Quantcast Terminology -Cont. - mo111_10014

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GREEN. Freshly sawed or undried wood. Wood that has become completely
wet after immersion in water would not be considered green, but may be said
to be in the "green condition".
JOINT. The junction of two pieces of wood or veneer.
Butt joint. An end joint formed by abutting the squared ends of two pieces.
Edge joint. The place where two pieces of wood are joined together edge
to edge. commonly by gluing. The joints may be made by gluing two squared
edges as in a plain edge joint or by using machined joints of various kinds, such
as tongued-and-grooved joints.
End joint. The place where two pieces of wood are joined together end
to end. commonly by scarf or finger jointing
Finger joint. An end joint made up of several meshing wedges or fingers
of wood bonded together with an adhesive. Fingers are sloped and may be cut
parallel to either the wide or edge faces of the piece.
Lap joint. A joint made by placing one member partly over another and
bonding the overlapped portions.
Scarf joint. An end joint formed by joining with glue the ends of two
pieces that have been tapered or beveled to form sloping plane surfaces. usually
to a feather edge, and with the same slope of the plane with respect to the length
in both pieces. In some cases, a step or hook may be machined into the scarf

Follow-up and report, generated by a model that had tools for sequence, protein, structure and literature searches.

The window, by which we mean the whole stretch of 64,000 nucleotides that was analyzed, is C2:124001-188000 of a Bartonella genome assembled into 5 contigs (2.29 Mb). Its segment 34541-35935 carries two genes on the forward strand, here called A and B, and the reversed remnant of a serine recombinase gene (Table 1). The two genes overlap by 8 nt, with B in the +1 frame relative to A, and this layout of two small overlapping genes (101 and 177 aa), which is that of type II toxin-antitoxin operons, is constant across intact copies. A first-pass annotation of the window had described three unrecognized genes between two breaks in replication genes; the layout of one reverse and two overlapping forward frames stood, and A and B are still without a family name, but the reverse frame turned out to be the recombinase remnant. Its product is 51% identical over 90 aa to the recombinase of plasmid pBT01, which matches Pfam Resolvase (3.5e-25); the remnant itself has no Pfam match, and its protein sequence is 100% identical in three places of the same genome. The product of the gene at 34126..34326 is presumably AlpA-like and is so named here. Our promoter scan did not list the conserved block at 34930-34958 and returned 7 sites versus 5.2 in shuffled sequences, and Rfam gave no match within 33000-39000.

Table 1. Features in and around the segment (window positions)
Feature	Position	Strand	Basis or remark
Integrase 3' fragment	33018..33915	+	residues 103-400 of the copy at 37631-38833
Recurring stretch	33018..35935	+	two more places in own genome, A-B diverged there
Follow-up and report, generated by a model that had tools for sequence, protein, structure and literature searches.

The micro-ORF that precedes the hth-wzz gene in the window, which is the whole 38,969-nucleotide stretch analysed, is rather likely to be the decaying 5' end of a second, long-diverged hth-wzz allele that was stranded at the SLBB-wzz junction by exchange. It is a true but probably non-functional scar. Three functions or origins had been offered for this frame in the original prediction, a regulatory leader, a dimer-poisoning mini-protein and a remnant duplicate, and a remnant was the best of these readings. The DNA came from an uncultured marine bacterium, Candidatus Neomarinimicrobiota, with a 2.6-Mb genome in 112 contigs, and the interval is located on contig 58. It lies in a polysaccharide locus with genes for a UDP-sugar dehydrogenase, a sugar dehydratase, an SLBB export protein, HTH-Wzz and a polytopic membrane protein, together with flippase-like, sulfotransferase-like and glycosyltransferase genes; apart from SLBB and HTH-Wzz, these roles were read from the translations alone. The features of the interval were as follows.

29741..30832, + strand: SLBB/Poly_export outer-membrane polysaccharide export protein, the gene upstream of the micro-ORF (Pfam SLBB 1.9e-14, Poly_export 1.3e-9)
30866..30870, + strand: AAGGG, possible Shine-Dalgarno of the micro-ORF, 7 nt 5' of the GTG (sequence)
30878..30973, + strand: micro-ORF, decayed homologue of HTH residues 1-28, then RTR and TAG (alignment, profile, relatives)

to facilitate alinement of the two ends, in which case the plane is discontinuous
and the joint is known as a stepped or hooked scarf joint.
Starved joint. A glue joint that is poorly bonded because of an insuffi-
cient quantity of glue in the joint.
KNOT. That portion of a branch or limb which has been surrounded by
subsequent growth of the stem. The shape of the knot as it appears on a cut sur-
face depends on the angle of the cut relative to the long axis of the knot.
LAMINATED WOOD. An assembly made by bonding layers of veneer or
lumber with an adhesive so that the grain of all laminations is essentially parallel.
MOISTURE CONTENT. The amount of water contained in the wood,
usually expressed as a percentage of the weight of the oven dry wood.
PRESERVATIVE. Any substance that. for a reasonable length of time, is
effective in preventing the development and action of wood-degrading fungi,
borers of various kinds, and harmful insects that deteriorate wood.
SHAKE. A separation along the grain, the greater part of which occurs be-
tween the rings of annual growth. Usually considered to have occurred in the
standing tree or during felling.


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